For those in their late 50s and early 60s who are approaching retirement, consider a broadly diversified, global multi-asset class portfolio, suggests Mark Avallone, president of Potomac Wealth Advisors LLC.

"We begin with investment-grade corporate bonds or highly rated municipal bonds as well as dividend-paying large cap stocks," he said.

To broaden diversification, tack on direct investment in real estate, like becoming a limited partner in class A office space to receive income from high-credit-rated tenants.

Investing in properties with high occupancy leased to strong Fortune 500 tenants, for example, can result in high yields between 6% and 7% for the investor. The downside is the lack of liquidity because of the nature of the asset class.

Pharmaceuticals, oil, petroleum, and alternative investments like commodities -- such as corn, coffee products, coal, salt, and sugar -- are also smart places to watch your money grow, but stay from those that are currently overpriced.

Pick the right entry point for diving into select emerging markets. Avallone likes the iShares MSCI Brazil Index ETF (NYS: EWZ) , which has been beaten down as of late. "Brazil's long-term forecast is very strong. We like the opportunity to enter after a period of market weakness. When they go up, they go up very rapidly," he said.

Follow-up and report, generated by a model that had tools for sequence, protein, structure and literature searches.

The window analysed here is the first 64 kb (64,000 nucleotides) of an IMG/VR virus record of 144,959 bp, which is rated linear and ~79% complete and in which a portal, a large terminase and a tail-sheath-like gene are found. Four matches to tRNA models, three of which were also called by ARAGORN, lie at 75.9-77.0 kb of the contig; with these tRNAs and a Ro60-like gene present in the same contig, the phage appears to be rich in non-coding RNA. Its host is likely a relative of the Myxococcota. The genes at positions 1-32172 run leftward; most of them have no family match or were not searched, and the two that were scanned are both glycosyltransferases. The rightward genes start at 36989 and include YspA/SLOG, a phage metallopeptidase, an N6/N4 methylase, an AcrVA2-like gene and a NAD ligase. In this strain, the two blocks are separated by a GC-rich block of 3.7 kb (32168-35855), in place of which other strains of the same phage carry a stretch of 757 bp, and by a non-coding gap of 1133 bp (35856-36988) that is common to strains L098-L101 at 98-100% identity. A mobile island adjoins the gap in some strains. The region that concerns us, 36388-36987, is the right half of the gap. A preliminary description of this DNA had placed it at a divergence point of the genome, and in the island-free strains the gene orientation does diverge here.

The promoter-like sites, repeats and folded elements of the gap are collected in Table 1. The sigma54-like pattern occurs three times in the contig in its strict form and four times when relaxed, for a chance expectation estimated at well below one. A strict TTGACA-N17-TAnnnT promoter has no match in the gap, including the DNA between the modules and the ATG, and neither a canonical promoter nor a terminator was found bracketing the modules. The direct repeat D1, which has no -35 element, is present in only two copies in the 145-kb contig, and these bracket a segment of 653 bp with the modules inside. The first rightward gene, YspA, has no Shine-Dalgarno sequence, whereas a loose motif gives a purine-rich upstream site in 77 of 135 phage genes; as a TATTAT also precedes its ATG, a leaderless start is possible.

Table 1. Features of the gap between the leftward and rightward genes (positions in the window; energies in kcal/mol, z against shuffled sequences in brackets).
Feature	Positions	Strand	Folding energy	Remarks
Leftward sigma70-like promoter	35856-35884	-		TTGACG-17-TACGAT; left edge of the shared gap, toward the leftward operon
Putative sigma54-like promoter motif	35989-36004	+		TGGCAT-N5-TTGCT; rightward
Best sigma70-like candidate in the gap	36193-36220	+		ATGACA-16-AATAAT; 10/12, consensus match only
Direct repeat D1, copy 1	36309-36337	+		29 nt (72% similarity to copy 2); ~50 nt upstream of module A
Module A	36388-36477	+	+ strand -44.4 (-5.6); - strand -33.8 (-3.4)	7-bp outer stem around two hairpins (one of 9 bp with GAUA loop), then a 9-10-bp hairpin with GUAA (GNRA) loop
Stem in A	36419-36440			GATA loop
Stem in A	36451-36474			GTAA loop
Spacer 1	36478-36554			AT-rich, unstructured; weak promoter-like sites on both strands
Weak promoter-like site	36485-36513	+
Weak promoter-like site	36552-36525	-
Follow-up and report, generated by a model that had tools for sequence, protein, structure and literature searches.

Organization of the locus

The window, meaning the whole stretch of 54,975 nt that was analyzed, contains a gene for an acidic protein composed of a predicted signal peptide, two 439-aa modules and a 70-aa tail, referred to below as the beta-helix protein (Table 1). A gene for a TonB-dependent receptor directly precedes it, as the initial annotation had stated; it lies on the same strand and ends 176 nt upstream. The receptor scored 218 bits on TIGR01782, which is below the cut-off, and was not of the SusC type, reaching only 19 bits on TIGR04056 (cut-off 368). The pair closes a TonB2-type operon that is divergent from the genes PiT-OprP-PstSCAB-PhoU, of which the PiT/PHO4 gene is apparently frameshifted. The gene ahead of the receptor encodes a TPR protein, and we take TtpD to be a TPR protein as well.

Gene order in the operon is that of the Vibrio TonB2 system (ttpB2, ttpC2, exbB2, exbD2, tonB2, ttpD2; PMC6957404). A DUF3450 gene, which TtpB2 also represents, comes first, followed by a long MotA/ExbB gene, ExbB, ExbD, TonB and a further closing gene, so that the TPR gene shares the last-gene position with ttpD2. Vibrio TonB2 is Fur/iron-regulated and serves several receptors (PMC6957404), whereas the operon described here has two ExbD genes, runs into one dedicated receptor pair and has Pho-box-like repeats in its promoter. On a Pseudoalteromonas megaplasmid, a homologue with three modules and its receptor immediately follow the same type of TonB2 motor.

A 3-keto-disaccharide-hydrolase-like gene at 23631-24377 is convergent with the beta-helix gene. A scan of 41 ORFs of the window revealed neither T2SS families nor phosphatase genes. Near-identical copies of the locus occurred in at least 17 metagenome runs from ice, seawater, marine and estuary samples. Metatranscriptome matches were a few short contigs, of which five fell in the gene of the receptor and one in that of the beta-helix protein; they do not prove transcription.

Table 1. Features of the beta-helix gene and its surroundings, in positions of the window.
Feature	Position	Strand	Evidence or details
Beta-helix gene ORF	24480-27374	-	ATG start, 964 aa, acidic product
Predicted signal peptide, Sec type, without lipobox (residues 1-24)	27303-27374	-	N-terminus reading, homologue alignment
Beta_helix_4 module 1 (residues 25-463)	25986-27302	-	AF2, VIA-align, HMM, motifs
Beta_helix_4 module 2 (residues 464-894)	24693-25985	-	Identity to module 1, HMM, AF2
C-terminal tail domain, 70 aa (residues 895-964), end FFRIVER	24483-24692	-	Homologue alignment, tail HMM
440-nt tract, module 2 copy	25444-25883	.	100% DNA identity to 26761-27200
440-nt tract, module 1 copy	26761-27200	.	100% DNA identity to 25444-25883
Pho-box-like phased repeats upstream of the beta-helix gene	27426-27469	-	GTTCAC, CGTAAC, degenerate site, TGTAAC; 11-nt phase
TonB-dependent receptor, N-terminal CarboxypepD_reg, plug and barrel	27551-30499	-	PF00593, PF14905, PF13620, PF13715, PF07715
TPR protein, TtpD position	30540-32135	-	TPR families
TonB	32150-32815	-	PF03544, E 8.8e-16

While there's a lot of volatility in emerging markets, including managed futures in the diversification mix can surprisingly reduce portfolio volatility, Avallone said. He calls it a "misunderstood asset class." The trading strategy is not necessarily dependent on economic conditions, which is why when the stocks, bonds, and commodities markets all declined in 2008, managed futures had one of its best years on record.

Avallone also points to variable annuities with living benefit riders or lifetime withdrawal guarantees, which can also transfer risk when a leading insurance company guarantees annual increases in values and/or lifetime income payouts.

"They have provided significant increases to my clients' purchasing power. Even during declines, those companies are on the increase to invest," said Avallone. "The value of the guarantee has been terrific for these investors when diversification is not enough."

Get moving
It's a tough time to manage your retirement savings. But by following sound investment advice, you can get through it with your nest egg intact.

At the time thisarticle was published Fool contributor Tierney Plumb holds no positions in any of the stocks mentioned. The Motley Fool owns shares of Philip Morris International, Whole Foods Market, Timberland, and Google. Motley Fool newsletter services have recommended buying shares of Timberland, Google, Philip Morris International, Procter & Gamble, and Whole Foods Market. Try any of our Foolish newsletter services free for 30 days. We Fools may not all hold the same opinions, but we all believe that considering a diverse range of insights makes us better investors. The Motley Fool has a disclosure policy.

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Originally published